"Lessons have been learnt" from England's poor Test showing in 2021, according to Neil Snowball, the ECB's managing director of county cricket, following the announcement of a 2022 domestic schedule which will provide prospective Test players more opportunity for red-ball cricket in the lead-up to their encounters with New Zealand, South Africa and India this summer.
In the wake of a disastrous showing in the Ashes, and following a home Test campaign last summer in which England lost 1-0 to New Zealand and were trailing 2-1 to India before the postponement of the decisive fifth Test, the ECB's tentative pledge to "reset" their red-ball fortunes has been backed up with a block of five County Championship matches in June and July, ahead of the South Africa series in August.
Two "County Select XI" fixtures against New Zealand and South Africa, distinct from the England Lions set-up, have been added to the schedule as well, to provide Test candidates with further opportunities to pit themselves against the tourists. This comes after complaints in 2021 that England were undercooked going into their main campaign of the summer, against India in August and September, following just two Championship rounds in early July prior to the launch of the first season of the Hundred.
"It's obviously well documented and acknowledged that recent results were extremely disappointing which again has called for a look at our approach to red-ball cricket," Snowball said. "Clearly, the men's domestic game has got a significant role to play in that, in terms of making sure that we can develop the best possible Test players who can then go on to aspire to be the best team in the world. We don't think that county cricket has all the answers, but it certainly has some of the answers, and it certainly has an important role to play going forward, along with the first-class counties and the PCA and other stakeholders."
Yorkshire have been included in the schedule as a Division One team, in spite of the ongoing investigation into the racism scandal that rocked the club in 2021 and may yet lead to further sanctions from the Cricket Discipline Committee (CDC), while both the Bob Willis Trophy final and the traditional Champion County versus MCC fixture, which has been held in the UAE and Barbados in recent seasons, have been shelved.
The Bob Willis Trophy, hastily arranged for the delayed 2020 season, was a success in providing context to a condensed first-class programme and culminated in a showpiece final at Lord's. However, last season's final was an anti-climax - comfortably won by Warwickshire, for whom it was a distant second to their County Championship triumph.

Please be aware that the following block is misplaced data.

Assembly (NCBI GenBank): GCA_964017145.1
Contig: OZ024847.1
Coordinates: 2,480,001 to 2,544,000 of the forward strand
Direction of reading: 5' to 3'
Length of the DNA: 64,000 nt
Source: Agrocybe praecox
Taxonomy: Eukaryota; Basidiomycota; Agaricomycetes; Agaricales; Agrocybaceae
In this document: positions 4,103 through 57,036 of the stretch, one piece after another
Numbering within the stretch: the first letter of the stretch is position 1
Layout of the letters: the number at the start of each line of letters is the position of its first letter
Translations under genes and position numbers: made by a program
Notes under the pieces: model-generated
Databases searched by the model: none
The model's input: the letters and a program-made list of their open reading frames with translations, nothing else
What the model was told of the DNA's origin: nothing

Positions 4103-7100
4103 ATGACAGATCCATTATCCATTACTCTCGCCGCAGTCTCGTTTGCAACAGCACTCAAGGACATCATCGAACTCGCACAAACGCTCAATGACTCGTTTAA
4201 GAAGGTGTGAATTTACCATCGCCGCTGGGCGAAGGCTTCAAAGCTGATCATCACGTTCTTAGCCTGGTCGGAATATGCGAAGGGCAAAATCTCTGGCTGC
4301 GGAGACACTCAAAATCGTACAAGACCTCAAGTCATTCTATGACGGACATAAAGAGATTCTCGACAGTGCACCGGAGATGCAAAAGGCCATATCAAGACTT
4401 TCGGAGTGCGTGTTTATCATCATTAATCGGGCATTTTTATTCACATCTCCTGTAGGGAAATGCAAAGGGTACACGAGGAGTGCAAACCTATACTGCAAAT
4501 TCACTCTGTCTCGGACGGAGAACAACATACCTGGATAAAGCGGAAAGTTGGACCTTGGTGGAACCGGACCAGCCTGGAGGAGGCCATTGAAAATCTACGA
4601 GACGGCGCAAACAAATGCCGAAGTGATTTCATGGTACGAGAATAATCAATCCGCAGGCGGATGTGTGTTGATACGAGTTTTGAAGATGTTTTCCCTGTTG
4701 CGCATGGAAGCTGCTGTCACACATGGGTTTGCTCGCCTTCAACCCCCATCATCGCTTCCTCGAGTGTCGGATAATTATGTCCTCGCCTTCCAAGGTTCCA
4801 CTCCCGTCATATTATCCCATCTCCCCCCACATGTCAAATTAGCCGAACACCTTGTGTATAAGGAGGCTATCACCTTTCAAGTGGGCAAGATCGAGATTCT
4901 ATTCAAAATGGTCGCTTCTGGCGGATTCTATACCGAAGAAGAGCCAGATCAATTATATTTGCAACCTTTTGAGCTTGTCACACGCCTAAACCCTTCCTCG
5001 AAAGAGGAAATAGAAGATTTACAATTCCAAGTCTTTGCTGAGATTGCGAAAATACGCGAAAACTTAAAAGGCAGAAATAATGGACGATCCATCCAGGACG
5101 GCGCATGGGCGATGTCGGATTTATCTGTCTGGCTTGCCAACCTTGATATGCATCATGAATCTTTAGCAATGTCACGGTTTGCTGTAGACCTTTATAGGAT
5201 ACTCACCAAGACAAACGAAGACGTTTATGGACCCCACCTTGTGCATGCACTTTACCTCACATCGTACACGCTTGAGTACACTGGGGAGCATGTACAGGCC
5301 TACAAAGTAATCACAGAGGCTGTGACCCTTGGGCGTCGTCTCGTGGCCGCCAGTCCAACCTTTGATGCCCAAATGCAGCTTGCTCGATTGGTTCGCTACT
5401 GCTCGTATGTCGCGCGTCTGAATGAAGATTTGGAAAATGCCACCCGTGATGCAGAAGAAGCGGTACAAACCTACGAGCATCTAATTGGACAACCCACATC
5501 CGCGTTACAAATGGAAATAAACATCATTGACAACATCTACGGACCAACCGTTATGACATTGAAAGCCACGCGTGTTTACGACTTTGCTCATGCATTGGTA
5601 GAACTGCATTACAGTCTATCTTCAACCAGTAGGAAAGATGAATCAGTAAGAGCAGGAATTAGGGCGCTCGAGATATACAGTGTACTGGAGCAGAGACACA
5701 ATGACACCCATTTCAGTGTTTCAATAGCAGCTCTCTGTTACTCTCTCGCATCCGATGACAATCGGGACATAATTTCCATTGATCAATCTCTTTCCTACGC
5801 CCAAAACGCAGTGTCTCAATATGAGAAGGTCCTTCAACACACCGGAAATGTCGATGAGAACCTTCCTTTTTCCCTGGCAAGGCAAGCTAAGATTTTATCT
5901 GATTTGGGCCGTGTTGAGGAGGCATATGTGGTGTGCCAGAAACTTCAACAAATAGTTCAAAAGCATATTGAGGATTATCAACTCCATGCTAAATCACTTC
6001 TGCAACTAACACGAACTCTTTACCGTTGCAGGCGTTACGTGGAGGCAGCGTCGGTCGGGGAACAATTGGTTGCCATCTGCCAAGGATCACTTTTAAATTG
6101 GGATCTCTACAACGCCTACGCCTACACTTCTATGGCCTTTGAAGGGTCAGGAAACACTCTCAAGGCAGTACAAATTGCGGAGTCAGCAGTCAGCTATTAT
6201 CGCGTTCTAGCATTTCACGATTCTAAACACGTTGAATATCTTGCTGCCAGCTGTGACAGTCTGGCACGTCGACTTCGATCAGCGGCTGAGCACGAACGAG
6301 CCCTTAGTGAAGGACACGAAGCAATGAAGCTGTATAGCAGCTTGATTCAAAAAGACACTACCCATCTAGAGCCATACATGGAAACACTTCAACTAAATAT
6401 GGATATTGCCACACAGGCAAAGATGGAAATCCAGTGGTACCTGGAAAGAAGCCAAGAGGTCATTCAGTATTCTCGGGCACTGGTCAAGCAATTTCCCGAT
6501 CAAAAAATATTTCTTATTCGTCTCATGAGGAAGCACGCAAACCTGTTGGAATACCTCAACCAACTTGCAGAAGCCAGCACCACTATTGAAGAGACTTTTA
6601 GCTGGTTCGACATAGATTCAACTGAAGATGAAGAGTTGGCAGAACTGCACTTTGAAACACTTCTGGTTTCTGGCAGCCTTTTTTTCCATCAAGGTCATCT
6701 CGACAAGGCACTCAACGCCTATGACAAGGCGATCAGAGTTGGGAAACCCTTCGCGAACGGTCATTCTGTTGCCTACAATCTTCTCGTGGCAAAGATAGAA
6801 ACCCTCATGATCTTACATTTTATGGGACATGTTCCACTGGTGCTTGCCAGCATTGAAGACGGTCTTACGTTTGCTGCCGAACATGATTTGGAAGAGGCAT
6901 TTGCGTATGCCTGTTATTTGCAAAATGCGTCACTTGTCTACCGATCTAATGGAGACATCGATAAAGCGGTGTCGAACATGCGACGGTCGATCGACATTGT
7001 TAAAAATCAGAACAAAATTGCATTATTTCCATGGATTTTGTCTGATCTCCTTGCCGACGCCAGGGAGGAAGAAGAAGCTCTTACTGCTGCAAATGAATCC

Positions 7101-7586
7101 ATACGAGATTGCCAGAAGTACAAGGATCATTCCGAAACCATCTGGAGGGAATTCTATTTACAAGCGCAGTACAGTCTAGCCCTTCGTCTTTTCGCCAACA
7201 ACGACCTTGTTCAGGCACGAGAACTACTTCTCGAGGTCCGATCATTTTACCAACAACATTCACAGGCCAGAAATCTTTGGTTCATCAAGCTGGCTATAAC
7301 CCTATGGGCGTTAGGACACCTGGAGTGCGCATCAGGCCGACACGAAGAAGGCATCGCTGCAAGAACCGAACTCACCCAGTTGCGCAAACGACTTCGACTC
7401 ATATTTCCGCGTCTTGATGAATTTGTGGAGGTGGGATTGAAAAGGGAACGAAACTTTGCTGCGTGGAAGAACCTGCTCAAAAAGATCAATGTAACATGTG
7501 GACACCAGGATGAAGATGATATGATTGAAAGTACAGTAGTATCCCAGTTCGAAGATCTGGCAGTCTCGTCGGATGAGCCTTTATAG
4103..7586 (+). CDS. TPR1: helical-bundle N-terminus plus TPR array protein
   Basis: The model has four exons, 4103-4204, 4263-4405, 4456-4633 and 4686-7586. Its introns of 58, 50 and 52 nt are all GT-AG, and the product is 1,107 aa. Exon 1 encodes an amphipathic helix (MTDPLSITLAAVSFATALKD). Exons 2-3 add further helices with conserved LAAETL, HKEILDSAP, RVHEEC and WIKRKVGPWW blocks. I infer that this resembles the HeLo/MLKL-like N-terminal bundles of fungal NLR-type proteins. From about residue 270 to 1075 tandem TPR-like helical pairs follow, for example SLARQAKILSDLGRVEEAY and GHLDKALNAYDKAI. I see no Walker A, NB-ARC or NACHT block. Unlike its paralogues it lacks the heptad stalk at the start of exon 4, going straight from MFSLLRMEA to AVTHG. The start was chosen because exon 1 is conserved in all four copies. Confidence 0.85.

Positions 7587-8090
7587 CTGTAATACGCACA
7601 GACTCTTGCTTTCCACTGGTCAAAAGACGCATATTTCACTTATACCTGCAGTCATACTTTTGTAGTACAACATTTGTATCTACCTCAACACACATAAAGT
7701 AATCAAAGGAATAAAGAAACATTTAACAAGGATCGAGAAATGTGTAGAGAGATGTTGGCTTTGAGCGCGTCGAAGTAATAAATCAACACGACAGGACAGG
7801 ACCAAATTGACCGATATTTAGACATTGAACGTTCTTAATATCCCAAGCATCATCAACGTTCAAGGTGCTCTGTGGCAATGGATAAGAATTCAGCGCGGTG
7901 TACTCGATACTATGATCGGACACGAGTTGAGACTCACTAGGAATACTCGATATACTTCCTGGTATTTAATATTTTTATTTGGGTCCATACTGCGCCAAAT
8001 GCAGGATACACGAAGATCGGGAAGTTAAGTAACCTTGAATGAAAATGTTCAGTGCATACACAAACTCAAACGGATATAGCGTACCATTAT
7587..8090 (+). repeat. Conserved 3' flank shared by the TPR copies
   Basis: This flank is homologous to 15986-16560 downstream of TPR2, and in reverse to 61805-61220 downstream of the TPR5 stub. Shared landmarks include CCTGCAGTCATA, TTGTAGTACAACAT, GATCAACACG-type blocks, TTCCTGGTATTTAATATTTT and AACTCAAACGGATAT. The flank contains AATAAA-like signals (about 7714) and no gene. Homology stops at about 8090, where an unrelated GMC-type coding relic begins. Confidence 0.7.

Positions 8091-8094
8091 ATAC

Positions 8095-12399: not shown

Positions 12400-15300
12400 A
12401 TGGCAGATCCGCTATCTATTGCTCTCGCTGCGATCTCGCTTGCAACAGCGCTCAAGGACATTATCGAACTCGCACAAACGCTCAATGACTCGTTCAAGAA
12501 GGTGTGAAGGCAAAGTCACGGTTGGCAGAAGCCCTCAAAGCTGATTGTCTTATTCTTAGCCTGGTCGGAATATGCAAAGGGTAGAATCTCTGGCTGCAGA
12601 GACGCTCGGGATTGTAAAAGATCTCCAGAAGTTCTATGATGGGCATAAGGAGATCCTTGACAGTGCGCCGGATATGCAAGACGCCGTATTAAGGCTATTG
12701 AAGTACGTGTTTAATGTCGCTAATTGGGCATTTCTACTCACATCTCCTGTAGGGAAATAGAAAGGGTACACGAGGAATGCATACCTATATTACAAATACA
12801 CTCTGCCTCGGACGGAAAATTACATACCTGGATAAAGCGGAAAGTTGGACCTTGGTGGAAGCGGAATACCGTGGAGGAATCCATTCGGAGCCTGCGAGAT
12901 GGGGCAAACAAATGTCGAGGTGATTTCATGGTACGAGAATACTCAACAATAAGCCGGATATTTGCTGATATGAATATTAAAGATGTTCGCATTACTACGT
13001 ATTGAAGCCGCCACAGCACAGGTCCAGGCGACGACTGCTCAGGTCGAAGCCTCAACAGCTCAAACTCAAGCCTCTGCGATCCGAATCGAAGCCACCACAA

"The Bob Willis Trophy served us very well in 2020 to rescue the season, and of course we played for it last year as well," Snowball said. "We're very keen to continue to celebrate Bob's legacy with a Bob Willis Trophy in some format but we're not quite sure what that's going to be yet. We're in discussions with his family on that."
The format of the season falls along the lines that ESPNcricinfo revealed in November, and includes a tweak for the Vitality Blast, in what is set to be its 20th season. This year, the whole competition will be played in a seven-week block from May 25 through to Finals Day at Edgbaston on July 16, an amendment that should allow more of the counties' overseas stars to be involved in the knock-out rounds. Luke Wright, Sussex's captain, was a prominent critic of the previous schedule, which had involved a five-week hiatus after the group stages.
In a bid to maximise the counties' preference for Blast fixtures towards the back end of the working week, 99 of the 126 fixtures have been scheduled for Thursdays, Fridays and Saturdays. And, in an echo of the successful staging of the Hundred, in which the majority of women's fixtures were played as double-headers alongside the men, ten Charlotte Edwards Cup matches will also feature on the same bill as the Blast, and at their respective county HQs.
Alan Fordham, the ECB's head of cricket operations, said that the counties' desire to put the women's game on an equal footing to the men had been a factor in the double-header decision - as had the double bank holiday at the beginning of June, which encompasses half term and will provide an opportunity for more families to attend the matches. At this stage, one of the double-headers is due to be televised on Sky Sports.
A further boost for the women's game will come with the final of the 50-over Rachael Heyhoe Flint Trophy, which is due to be held at Lord's for the first time, on Sunday, September 25. The men's Royal London Cup final will once again be held at Trent Bridge, but has been moved back to a Saturday (September 17), having been held on a Thursday last season.
"The women's game is just going to have a phenomenal year," Snowball added. "We've got the Ashes starting in Adelaide. We've got the Women's World Cup and then the Commonwealth Games In Birmingham as well as the second edition of the Hundred. So it's a huge year for women's domestic cricket and international cricket. We look forward to seeing how that unfolds."